Arts & Culture

A Southern Small-Town Comeback

How one inventive boutique helped revive tiny St. Joseph, Louisiana

photo: Courtesy of B.Viz

The painted 'Global Headquarters' sign at B. Viz Design in St. Joseph, Louisiana.

I’m from a small town in Virginia that nearly shriveled off the map after many textile and furniture industries began to move overseas in the early nineties. The Main Street of my childhood is still struggling to revive itself nearly three decades later. I miss the department store with all of its brass and glass cases of pretty things and its marble floors and its ice cream parlor where we all had birthday parties. That and much more is long gone, sadly.

Naturally, that inspires me to root for small-town Southern underdogs such as Rebecca Vizard, the textile designer and globetrotter behind B. Viz Designs (and the subject of this Garden & Gun story a few years ago) whose B.Viz Boutique is breathing life into her beloved Delta hometown of St. Joseph, Louisiana, which suffered in the eighties when little farms were bought out by corporate conglomerates and mechanization advances also killed jobs. 

Photo: Brie Williams Rebecca Vizard.

“Someone once told me ‘The grass is always greener until you’ve seen enough lawns,’” Vizard, who also has an atelier in New Orleans, says. “Growing up here I couldn’t wait to bound out and see the world. After years of travel it became obvious that there was a huge disparity between the cities I visited for my work and the hard times our little town was having. It was eating at my conscience. I felt like if I could work a little harder, maybe the town could benefit from the positivity.”

And so Vizard quietly opened what she calls her “global headquarters” in downtown St. Joseph, spreading the news by hiring local high school kids to paper the nearby farmer’s market with flyers announcing the birth of the shop. Two days later, a line of people was wrapped around the block when she arrived to open the doors. “It floored me,” she remembers. “I didn’t know whether to cheer or cry because my shelves were empty by the end of the day.”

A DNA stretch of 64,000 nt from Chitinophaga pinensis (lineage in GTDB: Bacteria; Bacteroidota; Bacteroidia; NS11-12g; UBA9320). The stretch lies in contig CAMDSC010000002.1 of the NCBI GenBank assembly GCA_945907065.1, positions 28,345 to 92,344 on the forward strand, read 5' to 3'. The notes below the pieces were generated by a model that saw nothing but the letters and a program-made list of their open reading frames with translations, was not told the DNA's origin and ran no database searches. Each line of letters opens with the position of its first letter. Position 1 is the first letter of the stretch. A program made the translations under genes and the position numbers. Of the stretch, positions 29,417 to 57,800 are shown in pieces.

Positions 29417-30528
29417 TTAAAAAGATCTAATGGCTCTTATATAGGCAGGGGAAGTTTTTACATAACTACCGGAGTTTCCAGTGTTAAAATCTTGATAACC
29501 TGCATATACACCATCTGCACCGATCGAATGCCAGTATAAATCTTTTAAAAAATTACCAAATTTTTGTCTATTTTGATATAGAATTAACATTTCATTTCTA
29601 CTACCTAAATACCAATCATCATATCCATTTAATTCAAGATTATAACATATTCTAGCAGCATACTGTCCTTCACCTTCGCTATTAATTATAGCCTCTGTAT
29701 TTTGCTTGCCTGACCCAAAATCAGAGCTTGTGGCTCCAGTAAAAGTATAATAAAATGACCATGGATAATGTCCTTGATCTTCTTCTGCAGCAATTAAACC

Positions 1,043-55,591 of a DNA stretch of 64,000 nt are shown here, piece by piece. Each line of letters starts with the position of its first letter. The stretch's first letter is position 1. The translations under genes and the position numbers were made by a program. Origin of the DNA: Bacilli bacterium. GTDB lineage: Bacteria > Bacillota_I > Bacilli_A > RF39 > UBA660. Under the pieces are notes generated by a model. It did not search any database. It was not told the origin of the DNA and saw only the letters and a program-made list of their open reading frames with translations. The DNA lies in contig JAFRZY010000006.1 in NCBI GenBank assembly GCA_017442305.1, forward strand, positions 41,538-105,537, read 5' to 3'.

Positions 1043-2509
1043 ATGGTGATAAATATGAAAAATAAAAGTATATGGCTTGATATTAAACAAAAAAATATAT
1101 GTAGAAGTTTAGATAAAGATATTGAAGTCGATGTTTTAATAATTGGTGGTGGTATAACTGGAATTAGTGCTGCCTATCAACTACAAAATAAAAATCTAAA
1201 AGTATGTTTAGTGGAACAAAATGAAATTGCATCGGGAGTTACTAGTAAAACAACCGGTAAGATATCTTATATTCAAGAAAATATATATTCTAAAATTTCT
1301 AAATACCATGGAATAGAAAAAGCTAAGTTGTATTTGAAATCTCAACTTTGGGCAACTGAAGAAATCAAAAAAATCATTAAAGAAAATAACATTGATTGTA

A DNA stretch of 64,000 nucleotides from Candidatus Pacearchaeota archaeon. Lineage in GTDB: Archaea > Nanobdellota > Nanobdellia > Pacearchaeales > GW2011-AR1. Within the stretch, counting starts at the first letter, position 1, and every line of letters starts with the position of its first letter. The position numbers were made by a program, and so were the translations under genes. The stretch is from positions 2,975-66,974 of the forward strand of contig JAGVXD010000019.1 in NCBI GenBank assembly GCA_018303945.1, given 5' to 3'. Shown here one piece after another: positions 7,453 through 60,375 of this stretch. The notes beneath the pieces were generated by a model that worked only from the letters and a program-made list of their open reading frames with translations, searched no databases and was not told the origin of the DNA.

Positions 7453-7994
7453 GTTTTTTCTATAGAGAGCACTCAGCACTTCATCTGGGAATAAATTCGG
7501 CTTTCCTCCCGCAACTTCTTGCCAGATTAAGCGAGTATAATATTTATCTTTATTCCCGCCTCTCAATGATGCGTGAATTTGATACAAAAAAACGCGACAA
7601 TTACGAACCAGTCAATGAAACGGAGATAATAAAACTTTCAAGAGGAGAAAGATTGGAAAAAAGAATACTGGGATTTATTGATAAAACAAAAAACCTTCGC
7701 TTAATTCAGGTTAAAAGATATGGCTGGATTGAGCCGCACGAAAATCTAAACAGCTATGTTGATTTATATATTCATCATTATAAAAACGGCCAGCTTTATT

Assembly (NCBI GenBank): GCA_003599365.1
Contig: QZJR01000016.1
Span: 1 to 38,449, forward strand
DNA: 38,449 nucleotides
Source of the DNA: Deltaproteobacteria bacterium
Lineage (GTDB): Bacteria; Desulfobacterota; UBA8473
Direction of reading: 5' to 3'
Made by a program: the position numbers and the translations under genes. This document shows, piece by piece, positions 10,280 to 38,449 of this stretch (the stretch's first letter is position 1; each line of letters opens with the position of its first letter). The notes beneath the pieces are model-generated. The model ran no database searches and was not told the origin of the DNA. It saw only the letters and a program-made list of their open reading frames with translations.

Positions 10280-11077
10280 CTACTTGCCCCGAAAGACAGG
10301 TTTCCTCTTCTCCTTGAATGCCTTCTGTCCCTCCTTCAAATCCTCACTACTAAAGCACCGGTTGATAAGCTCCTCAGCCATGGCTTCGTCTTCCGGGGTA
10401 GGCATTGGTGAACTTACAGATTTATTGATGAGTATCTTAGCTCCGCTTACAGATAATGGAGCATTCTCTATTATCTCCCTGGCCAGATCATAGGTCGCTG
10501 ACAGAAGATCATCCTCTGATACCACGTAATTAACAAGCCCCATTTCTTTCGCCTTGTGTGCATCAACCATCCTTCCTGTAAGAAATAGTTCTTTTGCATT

A selection of the goods Vizard sells at B.Viz Boutique.

The boutique’s wares—which shift depending on what Vizard brings back from her favorite textile hubs around the world—range from embroidered slippers and block-printed tunics to kantha blankets, jewelry, candles, her own now-iconic pillows, and lovely oddball items such as custom-printed matchbooks emblazoned with vintage photos of her mother in her youth sunbathing on nearby Lake Bruin, and “secret salt,” a seasoning that has developed something of a cult following, cooked up by her gourmand husband, Michael. “He makes it from the herbs in our garden and is not a recipe follower,” Vizard says, “so it turns out a little different every time he makes it. Last winter we brought back some herbs from a kitchen shop in South Africa that were not available here. His salt is now our number-one seller, and we can’t seem to keep it in stock.”

Vizard’s mother stars on matchbooks.

Vizard’s penchant for entertaining has also drawn droves of shoppers to her St. Joseph storefront. After she gave a talk to the Greenville Mississippi Garden Club, for instance, the members “got fired up about the PowerPoint pictures of the shop” and asked to visit. That led to cocktails in her garden and a tour of her pillow-making studio, and an afternoon shopping spree—they wiped her clean of inventory. Then the Monroe Garden Club bus arrived, and the Shreveport Garden Club bus. A few months ago, folks from El Dorado, Arkansas, nearly three hours away, pilgrimaged there, too.

Members of a garden club visit the shop.

The influx of traffic has led other entrepreneurs to scoop up property. Next door, an art gallery has bloomed (the exterior features a giant, rainbow-hued mural of local flora). Then an antique shop opened, then a clothing store. Soon, a restaurant will be the new kid on the block. “I just find it very gratifying,” Vizard says. “That everyone seems to have a ball and think it’s worth the drive.”

Two out of three Main Street revivals.